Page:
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|Lower risk of adverse pregnancy outcomes with a Mediterranean diet||12/28/22|
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|On time - and Velveeta||11/30/22|
|Cut calories vs. cut protein intake: the results will surprise you||11/16/22|
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|All Health and Nutrition Bites|
Will fewer carbohydrates at breakfast help you lose weight?
A study just published in the journal Nutrition seems to show that in the context of eating fewer calories overall, eating fewer carbohydrates at breakfast may help you lose more weight (doi.org/10.1016/j.nut.2019.110578).
More vegetables, less meat: it can be done in restaurants
One of my goals with both Dr. Gourmet and Health meets Food: the Culinary Medicine Curriculum is to encourage people to get back into the kitchen and learn how to cook for themselves. I think you'll agree that it's an admirable goal, but it would be naive in the extreme to think that home cooking alone will reverse the rise in obesity and the attendant increase in chronic health issues. The fact is that people eat out - and in the United States, at least, they eat out a lot.
Red Meat and Breast Cancer in Women
There have been links to an increased risk of cancer in those who eat higher amounts of red meat. So far this has not been shown in women with breast cancer, however. In a study published this week a group of researchers looked at a large number of women to determine if this might be the case (Arch Intern Med 2006;166(20):2253-2259).
The step-by-step guide to a Mediterranean Diet
Dr. Tim Harlan's best tips and recipes in a six-week plan for you to learn how to follow a Mediterranean-style diet while still eating foods you know and love. Just $15.00 +s/h!
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It's a bodybuilding tenet that building muscle requires eating a lot of protein. I can see why it seems to make sense to those who don't understand physiology: to make more muscle, something made of protein, you need more protein, right?
I hope I don't need to tell you that the body doesn't work that way. Whether it's collagen for joints, skin, and hair, or protein for muscle, consuming more of a certain type of tissue doesn't mean your body creates more of that tissue.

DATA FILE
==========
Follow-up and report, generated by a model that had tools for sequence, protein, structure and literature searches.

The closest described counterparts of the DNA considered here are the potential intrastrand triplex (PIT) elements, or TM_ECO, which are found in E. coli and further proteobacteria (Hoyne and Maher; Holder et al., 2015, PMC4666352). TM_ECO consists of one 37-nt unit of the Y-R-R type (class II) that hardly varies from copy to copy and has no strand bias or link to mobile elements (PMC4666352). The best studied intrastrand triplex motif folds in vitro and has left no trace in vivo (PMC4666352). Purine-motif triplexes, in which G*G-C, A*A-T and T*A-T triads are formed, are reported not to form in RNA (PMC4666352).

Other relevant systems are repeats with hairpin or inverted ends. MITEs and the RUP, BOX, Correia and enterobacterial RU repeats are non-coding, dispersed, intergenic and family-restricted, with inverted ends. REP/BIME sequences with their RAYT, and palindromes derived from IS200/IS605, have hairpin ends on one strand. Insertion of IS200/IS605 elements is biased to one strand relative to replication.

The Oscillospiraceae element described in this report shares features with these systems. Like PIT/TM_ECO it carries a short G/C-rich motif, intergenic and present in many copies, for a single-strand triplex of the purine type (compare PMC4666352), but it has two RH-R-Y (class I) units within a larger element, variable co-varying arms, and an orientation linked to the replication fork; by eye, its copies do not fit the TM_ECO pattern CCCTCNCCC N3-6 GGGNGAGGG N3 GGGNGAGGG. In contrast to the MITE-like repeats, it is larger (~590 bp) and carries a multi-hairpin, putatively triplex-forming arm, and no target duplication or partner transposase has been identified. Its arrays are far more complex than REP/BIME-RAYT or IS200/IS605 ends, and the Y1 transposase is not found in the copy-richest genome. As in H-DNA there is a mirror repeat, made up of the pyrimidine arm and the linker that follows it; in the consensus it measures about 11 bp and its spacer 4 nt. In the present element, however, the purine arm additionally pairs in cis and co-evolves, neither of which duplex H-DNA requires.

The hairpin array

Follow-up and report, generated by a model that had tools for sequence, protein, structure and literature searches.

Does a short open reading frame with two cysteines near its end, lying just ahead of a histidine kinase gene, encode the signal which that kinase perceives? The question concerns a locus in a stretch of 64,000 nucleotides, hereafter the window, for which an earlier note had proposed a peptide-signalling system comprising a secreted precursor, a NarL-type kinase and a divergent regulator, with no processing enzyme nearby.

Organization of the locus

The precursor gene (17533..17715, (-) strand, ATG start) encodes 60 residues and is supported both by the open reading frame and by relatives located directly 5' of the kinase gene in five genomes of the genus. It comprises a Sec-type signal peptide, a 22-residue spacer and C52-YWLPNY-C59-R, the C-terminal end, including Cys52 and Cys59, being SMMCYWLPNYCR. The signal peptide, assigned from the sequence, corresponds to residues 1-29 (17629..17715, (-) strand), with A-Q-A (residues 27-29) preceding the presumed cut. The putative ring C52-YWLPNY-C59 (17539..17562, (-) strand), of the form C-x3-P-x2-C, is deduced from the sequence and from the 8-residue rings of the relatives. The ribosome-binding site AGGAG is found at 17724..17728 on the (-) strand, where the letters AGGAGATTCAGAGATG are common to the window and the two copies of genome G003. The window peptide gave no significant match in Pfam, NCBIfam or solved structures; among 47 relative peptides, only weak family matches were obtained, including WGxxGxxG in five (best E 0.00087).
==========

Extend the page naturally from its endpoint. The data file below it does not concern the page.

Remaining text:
Today's article demonstrates that truth with a randomized controlled trial including just over 150 people who were at least 65 years of age - people who are more likely to benefit from increased protein intake (Am J Clin Nutr 2020;112:113-128).
Funded by a grant from Meat and Livestock, Australia Ltd., the authors of the study recruited participants from Melbourne, Australia and surrounding environs who were at least 65, were otherwise free of chronic disease, and were neither actively pursuing resistance training nor otherwise regular exercisers. To participate in the study the participants had to have their physician's clearance to join an exercise program.
For 24 weeks (6 months) the participants exercised three days per week in a personal-trainer-led exercise program that included both aerobic training such as cycling or walking on a treadmill as well as progressive resistance training such as using free weights or exercise machines.
Half of the participants were provided with 220 grams of lean red meat (about 7 3/4 ounces) for them to consume on each of their training days, while on the other four days of the week the participants followed their usual diet.
The other half of the participants "were instructed to consume their usual diet, incorporating a minimum of one-half cup of uncooked rice or pasta or 1 medium-sized potato" on each of their training days, and like the other participants, following their usual diet on non-training days.
If it were true that consuming more protein meant building more muscle, those who were consuming that extra lean red meat would have greater muscle mass and would be stronger than those who did not consume that extra protein. Right?
All participants underwent the same ultra-sensitive scans to ascertain their lean mass, fat mass, and muscle density at various points of the body both before the study began and after the 6 months of resistance training. Statistically speaking, there was no significant difference between those who consumed extra protein and those who continued (basically) with their regular diet: both gained about the same amount of muscle mass and strength.
Your body has the amazing ability to build muscle (and fat) out of whatever fuel it is provided. Yes, you should make sure that the calories you consume are of the highest quality - for reasons that go far beyond building muscle. But do you need to consume protein to build muscle? No.
(Meat and Livestock, Australia Ltd. were likely disappointed with this study.)
First posted: July 22, 2020